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Label A. Katz Reaffirms Stand That Jewish Centers Must Be Jewish

February 9, 1967
See Original Daily Bulletin From This Date

Label A. Katz, former international president of B’nai B’rith, defended today his position that Jewish centers should maintain a Jewish sectarian character, against criticism from Reform rabbis in this city.

Mr. Katz raised the issue initially last month on an address here to the executive committee of B’nai B’rith Grand Lodge No. 7 in which he declared that he had been one of 140 members of the New Orleans Jewish Community Center who had protested the admission of 18 non-Jewish families to Center membership. After the protest, the Center halted admission of non-Jewish families, pending a report by a study committee, allowing the present non-Jewish members to retain membership “at their option.”

Mr. Katz called the Center’s position “a silent and subtle quota system” which violated “our Judaic heritage and our democratic legacy.” He argued that, if the Center meant to have an open membership policy, it should be one of admitting “all applications irrespective of race, color or creed, without limitation.”

In the petition, a special meeting of the general membership was asked to clarify a phrase in the JCC charter that the goal of the Center was “to develop an affirmative attitude toward Jewish life.” Mr. Katz said he and the other signers understood this phrase to mean that, to be eligible for Center membership, one must be a Jew.


Mr. Katz’s stand was disputed on the national level by Sanford Solender, executive vice-president of the National Jewish Welfare Board. Mr. Solender said in New York that participation of non-Jewish members in Jewish Center programs “does not deter or adversely affect the capacity of the Center to fulfill its Jewish purpose and program” and that “open membership is the only tenable policy for a Center.”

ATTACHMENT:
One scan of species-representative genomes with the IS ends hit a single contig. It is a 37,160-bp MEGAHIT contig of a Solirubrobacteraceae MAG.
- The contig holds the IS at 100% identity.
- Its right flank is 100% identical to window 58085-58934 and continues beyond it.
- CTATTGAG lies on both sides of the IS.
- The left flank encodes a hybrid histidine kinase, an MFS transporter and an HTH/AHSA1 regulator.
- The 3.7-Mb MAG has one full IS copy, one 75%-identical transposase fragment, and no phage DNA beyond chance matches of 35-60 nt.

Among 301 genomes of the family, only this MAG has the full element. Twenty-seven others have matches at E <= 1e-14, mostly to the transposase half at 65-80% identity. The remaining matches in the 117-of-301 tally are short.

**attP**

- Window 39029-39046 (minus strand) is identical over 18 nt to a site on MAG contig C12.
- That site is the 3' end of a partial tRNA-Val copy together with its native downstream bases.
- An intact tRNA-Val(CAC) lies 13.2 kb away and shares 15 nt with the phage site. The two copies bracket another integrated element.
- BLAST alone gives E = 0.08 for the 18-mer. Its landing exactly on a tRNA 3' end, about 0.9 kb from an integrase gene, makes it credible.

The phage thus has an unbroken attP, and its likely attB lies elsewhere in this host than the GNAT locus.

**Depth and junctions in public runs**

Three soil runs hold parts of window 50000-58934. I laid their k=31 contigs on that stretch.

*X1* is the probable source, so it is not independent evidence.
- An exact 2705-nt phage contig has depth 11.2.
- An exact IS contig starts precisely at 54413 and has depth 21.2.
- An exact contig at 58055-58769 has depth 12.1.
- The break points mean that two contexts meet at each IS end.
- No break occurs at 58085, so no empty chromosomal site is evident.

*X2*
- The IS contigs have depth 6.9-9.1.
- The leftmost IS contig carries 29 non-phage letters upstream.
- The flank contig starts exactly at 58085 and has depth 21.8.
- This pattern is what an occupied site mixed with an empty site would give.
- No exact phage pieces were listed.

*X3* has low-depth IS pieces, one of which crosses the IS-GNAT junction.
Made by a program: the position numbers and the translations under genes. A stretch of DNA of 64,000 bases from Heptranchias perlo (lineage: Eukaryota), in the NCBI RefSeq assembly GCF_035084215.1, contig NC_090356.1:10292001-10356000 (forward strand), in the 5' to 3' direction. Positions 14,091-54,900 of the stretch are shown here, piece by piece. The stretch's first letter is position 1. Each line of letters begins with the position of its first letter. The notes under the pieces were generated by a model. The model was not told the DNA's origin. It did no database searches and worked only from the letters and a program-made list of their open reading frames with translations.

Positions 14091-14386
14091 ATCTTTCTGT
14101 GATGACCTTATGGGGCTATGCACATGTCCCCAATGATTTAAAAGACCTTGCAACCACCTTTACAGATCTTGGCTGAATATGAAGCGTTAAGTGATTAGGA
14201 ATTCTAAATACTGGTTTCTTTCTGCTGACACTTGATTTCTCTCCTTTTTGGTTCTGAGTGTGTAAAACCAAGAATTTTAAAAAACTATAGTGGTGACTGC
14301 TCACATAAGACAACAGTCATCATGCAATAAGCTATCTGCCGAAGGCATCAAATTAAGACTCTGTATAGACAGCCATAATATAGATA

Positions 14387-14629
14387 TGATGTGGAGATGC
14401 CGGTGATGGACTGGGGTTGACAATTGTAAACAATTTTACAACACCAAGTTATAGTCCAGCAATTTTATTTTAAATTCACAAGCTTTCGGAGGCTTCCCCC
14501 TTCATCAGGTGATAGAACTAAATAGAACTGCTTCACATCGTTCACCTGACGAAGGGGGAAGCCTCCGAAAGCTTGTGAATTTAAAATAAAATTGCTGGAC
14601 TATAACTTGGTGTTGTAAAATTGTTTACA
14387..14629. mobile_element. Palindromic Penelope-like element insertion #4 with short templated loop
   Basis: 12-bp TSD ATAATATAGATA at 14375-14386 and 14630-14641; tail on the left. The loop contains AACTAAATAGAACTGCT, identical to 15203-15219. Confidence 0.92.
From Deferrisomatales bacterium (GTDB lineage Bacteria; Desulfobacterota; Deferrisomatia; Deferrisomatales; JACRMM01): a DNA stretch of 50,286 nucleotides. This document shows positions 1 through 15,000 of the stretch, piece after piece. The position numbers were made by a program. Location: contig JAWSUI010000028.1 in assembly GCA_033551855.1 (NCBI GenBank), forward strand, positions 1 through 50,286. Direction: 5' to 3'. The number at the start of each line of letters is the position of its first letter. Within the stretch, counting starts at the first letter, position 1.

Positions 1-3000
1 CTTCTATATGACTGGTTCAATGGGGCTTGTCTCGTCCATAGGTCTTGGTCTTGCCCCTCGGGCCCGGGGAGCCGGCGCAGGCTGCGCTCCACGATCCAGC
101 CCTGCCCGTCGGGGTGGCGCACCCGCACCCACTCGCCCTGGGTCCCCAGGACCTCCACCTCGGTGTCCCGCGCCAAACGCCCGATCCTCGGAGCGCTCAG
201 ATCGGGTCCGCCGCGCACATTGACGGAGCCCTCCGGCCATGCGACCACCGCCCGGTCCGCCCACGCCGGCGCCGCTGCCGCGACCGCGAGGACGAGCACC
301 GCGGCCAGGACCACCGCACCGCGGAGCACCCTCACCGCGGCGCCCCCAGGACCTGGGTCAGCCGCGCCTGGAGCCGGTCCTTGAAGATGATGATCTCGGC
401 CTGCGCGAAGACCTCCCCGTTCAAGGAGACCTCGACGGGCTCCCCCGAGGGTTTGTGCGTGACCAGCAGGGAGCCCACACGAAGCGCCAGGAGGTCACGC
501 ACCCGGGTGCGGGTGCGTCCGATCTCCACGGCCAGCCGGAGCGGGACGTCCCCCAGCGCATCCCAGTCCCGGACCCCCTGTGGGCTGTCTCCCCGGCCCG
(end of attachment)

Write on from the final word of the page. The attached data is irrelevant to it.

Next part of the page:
In the newest development in the controversy, Reform rabbis here criticized Mr. Katz in sermons and statements in their synagogue bulletins. Rabbi Leo A. Bergman, Rabbi Nathaniel Share and Rabbi Jay Rosenberg challenged Mr. Katz in sermons and bulletin statements. Rabbi Bergman criticized Mr. Katz for taking the issue to the press. Rabbi Share also protested the development of the issue into a “public fight.”

Rabbi Bergman also said that he saw no harm resulting from the presence of non-Jewish members and that the Jewish content of the programming was not adversely affected by non-Jewish members. Rabbi Share said that it was true that open membership “exposes our youth to contacts with non-Jews.” However, he said, “our young people are going to live in a society in which the majority will be non-Jews.” He added that “it rests upon those who are fighting for closed membership to demonstrate that the Center’s policies and programs are less affirmatively Jewish now than they would be if membership were limited to Jews alone.”


Replying, Mr. Katz noted that bringing the situation out into the open was necessary and “useful” because most Jews in New Orleans had not been aware of the Center’s membership policy. He said he agrees with Rabbi Share that “Jew meets non-Jew, as it should be, in many areas and on many levels” but that “the supplementation and encouragement of interdenominational social activity is not the function of the Jewish Community Center.”

“We feel strongly,” Mr. Katz added, “that proper Jewish Center programming can avail itself of an unparalleled opportunity, and offer an essential service to the entire Jewish community by encouraging our Jewish youth to share a social, cultural and educational experience in a totally Jewish environment.”

“If the Reform rabbis believe that one does not have to be a Jew to achieve an affirmative identification with Jewish life,” Mr. Katz said, then the question should be raised about permitting non-Jews to participate in Reform programs for youth, and to be members of the congregations, since “much of their congregational programming and activities, other than religious services, parallels that of the Jewish Center.” He charged that the rabbis have remained “silent about the subtle and unacknowledged quota system practiced at the New Orleans Jewish Center.”

In his presentation, Mr. Katz cited a clause in the Center’s charter, as amended in 1956, stating the institution’s aim was the development of “an affirmative attitude toward Jewish life.” He said that the signers of the petition believed that this phrase “means that, to be eligible to be a member of the Jewish Community Center, one must be a Jew.”

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